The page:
U.S. Department of Agriculture: Animal and Plant Health Inspection Service


Date of this Version



Biol Invasions (2015) 17:1713–1727


The range of the barred owl (Strix varia) has expanded westward over the past century and now entirely overlaps the range of the federally threatened northern spotted owl (S. occidentalis caurina) in the Pacific Northwest. We compared Haemoproteus blood parasite assemblages among northern spotted owls in their native range and barred owls in both their native and invasive ranges to evaluate predictions of five hypotheses about parasites and biological invasions: (1) Enemy Release, where hosts benefit from a loss of parasites in their invasive range, (2) Enemy of My Enemy, where invasive hosts introduce parasites to naı¨ve native hosts, (3) Parasite Spillback, where invasive hosts act as a new reservoir to native parasites, (4) Increased Susceptibility, where native hosts introduce parasites to naı¨ve invasive hosts, and (5) Dilution Effect, where invasive species act as poor hosts to native parasites and decrease the density of potential hosts in their invasive range. We used haplotype network analyses to identify one haplotype common to both owl species throughout North America, three more haplotypes that appeared to be isolated to the barred owl’s historic range, and a fifth haplotype that was only found in California. Based on infection status and parasite diversity in eastern and western barred owl populations, we found strong support for the Enemy Release Hypothesis. Northern spotted owls had higher parasite diversity and probability of infection than sympatric barred owls, offering some support for the Parasite Spillback and Dilution Effect Hypotheses. Overall, this study demonstrates the complexity of host-parasite relationships and highlights some of the ways in which species’ range expansions may alter such relationships among both invasive and native hosts.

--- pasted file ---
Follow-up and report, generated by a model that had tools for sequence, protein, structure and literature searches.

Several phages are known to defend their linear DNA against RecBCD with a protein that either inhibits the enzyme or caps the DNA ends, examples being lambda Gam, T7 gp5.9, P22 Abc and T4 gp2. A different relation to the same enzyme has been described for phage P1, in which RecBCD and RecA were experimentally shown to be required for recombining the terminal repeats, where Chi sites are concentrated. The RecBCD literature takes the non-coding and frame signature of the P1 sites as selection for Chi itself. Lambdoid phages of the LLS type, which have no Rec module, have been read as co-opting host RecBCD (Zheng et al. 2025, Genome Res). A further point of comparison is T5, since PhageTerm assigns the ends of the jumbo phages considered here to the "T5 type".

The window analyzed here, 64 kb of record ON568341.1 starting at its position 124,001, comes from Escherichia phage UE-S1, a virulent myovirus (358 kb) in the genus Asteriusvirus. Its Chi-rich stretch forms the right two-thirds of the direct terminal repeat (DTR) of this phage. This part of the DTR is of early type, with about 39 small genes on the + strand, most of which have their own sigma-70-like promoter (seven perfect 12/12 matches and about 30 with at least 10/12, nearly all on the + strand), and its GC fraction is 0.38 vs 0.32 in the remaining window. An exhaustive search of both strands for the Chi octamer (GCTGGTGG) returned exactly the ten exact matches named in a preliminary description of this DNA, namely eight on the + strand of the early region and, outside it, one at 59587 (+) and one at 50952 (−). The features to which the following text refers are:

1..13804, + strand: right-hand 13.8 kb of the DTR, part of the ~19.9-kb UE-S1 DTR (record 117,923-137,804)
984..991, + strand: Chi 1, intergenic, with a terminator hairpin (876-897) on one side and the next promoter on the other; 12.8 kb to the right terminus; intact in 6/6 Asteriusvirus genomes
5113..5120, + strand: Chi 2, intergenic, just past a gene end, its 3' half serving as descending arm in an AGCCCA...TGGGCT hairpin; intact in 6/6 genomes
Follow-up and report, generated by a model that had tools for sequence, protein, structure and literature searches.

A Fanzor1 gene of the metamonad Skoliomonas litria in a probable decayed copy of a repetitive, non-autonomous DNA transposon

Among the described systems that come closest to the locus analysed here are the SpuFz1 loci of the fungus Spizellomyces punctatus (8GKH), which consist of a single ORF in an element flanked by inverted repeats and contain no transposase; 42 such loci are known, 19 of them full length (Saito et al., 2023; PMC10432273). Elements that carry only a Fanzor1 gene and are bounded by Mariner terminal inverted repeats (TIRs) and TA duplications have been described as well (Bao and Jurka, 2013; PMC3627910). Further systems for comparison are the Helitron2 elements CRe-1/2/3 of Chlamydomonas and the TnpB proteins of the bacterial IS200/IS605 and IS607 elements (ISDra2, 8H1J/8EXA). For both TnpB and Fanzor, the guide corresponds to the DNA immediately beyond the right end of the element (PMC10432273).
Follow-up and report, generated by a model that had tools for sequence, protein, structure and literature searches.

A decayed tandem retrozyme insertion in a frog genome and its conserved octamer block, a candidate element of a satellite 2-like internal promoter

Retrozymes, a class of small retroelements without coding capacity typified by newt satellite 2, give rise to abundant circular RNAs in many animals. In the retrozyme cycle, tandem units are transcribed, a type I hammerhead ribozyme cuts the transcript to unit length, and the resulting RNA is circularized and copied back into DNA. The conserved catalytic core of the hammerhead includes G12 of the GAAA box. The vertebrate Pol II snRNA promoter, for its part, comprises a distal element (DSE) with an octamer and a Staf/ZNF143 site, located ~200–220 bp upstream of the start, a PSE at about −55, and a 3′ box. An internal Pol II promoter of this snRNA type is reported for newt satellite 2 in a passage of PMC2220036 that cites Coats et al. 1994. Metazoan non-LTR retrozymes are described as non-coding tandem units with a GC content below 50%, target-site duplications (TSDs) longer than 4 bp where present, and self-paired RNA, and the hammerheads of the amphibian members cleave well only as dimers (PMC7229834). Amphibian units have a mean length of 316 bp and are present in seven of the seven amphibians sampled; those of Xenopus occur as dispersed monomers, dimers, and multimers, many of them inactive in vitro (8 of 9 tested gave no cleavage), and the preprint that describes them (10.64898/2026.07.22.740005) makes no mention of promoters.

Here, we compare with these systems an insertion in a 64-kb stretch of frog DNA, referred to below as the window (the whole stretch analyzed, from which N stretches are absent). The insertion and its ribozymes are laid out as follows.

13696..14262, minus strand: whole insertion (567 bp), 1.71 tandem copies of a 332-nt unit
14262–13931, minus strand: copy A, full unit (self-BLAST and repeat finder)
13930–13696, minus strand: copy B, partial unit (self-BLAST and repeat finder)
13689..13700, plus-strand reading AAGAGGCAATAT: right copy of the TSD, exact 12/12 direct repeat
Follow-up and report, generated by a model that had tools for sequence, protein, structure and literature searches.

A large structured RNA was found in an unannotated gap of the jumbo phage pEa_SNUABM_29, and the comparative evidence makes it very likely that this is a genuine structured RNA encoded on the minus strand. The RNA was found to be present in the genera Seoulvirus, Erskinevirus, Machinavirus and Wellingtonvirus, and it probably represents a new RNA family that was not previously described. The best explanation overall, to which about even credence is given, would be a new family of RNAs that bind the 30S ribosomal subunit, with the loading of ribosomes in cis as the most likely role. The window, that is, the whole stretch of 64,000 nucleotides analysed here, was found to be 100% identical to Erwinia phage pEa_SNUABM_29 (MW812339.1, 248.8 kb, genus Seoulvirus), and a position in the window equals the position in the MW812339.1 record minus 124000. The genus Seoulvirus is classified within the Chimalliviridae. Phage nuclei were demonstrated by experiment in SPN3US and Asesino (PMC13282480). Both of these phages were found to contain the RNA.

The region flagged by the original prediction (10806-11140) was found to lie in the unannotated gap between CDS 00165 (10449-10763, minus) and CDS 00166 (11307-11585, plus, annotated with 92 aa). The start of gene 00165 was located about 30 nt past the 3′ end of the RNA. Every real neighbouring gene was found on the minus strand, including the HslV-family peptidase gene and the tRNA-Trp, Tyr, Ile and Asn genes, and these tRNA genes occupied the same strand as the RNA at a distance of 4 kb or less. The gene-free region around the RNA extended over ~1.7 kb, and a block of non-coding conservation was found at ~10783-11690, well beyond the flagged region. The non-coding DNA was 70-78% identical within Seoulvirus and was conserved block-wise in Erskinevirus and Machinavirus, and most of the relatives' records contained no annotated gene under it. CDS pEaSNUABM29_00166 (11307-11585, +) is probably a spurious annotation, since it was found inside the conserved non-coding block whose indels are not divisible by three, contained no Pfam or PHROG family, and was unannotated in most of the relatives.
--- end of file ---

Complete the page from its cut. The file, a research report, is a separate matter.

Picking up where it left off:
Included in

Life Sciences Commons